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Achieving higher efficiencies with a low-cost etch for in-line-diffused silicon wafer cells

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By Bram Hoex, Director and Group Leader in the Silicon PV Cluster, SERIS, National University of Singapore; Debajyoti Sarangi, Senior Research Scientist, SERIS, National University of Singapore; Edwin Carmona, Process Engineer in the PV Production Group, SERIS, National University of Singapore; Jason Avancena, Process Engineer in the PV Production Group, SERIS, National University of Singapore; Jessen Cunnusamy, Engineer on Crystalline Silicon Solar Cells, SERIS, National University of Singapore; Kishan Devappa Shetty, Research Engineer on Crystalline Silicon Solar Cells, SERIS, National University of Singapore; Matthew Boreland, Director of the Silicon PV Cluster, SERIS, National University of Singapore; Prabir Kanti Basu, Senior Research Scientist in the Silicon PV Cluster, SERIS, National University of Singapore; Sandipan Chakradorty, Research Fellow in the Silicon PV Cluster, SERIS, National University of Singapore; Ziv Hameiri, Research Fellow in the Silicon PV Cluster, SERIS, National University of Singapore

Emitter formation is one of the most critical processes in the fabrication of silicon wafer solar cells. The process for standard emitter formation adopted in the photovoltaic industry is tube-based diffusion, using phosphorus oxychloride as the dopant source. A potentially low-cost alternative that typically results in lower solar cell efficiencies is in-line diffusion, using phosphoric acid as the dopant source. The Solar Energy Research Institute of Singapore (SERIS) recently developed a technique called the ‘SERIS etch’, a non-acidic etch-back process technology that provides a controllable, uniform and substantially conformal etch-back suitable for solar cell processing. By using the SERIS etch, efficiencies of up to 18.7% have been demonstrated for omogeneous-emitter silicon wafer cells; a 0.4%abs efficiency improvement has also been achieved for a unique selective-emitter approach exploiting this novel etch. All work was carried out on industrial-grade p-type Cz wafers with conventional screen-printed metallization and a full-area aluminium back-surface field (Al-BSF). With Al local BSF (LBSF) homogeneous-emitter solar cells, efficiencies of 19.0% were achieved using in-line emitter diffusion and the SERIS etch, a 0.7%abs efficiency increase over the baseline efficiency at the time. To the authors’ knowledge, these are the highest solar cell efficiencies ever reported for in-line-diffused silicon solar cells. Moreover, the SERIS etch is a costeffective alternative to generating pyramid-textured surfaces without using conventional metal-assisted siliconetching processes.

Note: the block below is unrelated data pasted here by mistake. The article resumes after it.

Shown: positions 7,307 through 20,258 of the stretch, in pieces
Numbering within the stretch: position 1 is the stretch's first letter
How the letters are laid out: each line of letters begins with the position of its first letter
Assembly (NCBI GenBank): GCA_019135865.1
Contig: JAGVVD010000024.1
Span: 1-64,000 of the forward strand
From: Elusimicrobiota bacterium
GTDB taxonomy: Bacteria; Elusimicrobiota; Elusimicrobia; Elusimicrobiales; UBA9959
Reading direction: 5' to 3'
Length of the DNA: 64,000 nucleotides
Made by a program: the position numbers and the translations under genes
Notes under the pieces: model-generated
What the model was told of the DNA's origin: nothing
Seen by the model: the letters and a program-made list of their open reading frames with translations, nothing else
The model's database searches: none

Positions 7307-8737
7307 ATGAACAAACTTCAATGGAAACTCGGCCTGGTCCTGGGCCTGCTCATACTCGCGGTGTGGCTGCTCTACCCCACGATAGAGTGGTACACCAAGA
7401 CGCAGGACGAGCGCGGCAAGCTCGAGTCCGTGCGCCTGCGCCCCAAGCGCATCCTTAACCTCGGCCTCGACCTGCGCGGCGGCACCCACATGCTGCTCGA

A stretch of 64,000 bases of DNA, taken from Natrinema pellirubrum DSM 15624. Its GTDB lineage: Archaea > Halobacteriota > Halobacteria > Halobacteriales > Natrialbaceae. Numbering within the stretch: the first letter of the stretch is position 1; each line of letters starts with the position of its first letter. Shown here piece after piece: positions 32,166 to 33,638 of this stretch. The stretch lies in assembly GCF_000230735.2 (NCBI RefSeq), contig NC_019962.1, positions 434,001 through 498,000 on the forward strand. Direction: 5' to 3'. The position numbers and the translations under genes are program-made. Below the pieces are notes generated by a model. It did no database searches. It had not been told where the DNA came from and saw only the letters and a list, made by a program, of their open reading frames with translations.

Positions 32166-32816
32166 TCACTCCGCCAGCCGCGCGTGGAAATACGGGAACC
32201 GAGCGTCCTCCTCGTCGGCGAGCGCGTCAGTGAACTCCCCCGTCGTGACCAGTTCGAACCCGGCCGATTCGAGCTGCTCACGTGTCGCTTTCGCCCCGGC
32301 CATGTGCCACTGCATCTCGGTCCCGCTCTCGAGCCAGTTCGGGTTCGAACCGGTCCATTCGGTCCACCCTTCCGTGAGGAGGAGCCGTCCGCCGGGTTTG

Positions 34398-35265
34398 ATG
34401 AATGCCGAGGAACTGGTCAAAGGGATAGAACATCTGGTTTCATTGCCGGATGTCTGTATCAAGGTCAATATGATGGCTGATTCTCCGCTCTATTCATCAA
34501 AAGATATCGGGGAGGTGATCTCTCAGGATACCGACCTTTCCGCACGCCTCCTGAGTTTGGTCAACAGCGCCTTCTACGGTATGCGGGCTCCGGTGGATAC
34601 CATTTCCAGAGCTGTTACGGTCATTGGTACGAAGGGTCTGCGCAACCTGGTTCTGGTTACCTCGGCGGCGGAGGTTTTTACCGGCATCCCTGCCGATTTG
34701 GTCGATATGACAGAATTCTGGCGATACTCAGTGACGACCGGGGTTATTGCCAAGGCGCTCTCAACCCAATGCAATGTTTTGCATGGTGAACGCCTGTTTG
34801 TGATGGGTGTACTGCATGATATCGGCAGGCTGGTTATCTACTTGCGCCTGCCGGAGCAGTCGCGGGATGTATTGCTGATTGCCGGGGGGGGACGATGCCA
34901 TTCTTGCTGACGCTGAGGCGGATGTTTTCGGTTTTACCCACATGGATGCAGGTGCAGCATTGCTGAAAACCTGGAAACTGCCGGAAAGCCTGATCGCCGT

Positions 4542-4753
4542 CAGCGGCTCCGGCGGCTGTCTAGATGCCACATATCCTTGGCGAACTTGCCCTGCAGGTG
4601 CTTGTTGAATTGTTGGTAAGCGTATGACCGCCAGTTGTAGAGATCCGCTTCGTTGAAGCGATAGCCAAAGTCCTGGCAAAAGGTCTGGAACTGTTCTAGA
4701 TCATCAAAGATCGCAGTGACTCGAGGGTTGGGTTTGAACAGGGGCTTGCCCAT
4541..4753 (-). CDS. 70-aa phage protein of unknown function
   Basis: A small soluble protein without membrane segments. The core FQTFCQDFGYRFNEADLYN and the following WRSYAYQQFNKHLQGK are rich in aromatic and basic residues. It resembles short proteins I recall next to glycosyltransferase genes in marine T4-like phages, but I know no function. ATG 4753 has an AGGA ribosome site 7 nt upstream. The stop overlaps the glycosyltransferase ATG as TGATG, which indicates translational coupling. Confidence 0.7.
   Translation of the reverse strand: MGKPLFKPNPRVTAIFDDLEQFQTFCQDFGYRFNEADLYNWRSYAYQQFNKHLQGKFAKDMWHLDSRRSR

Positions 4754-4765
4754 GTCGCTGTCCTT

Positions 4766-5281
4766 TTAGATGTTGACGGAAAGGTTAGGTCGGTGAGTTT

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For manufacturers who had their heads in the bunker during 2012, fighting falling ASPs and eroding margins, the nineteenth edition brings you details of what lies in store for this coming year. Wright Williams & Kelly return in this issue with their popular analysis of payback on technology buys; crucially they analyze n-type wafers, Al2O3 passivation and copper metallization. SERIS shows us how to achieve 18.7% efficiencies using low-cost etching techniques on diffused wafers. We also have two important technology roundups: CIGS from Helmholtz Berlin, and PV module encapsulation techniques from Fraunhofer ISE.

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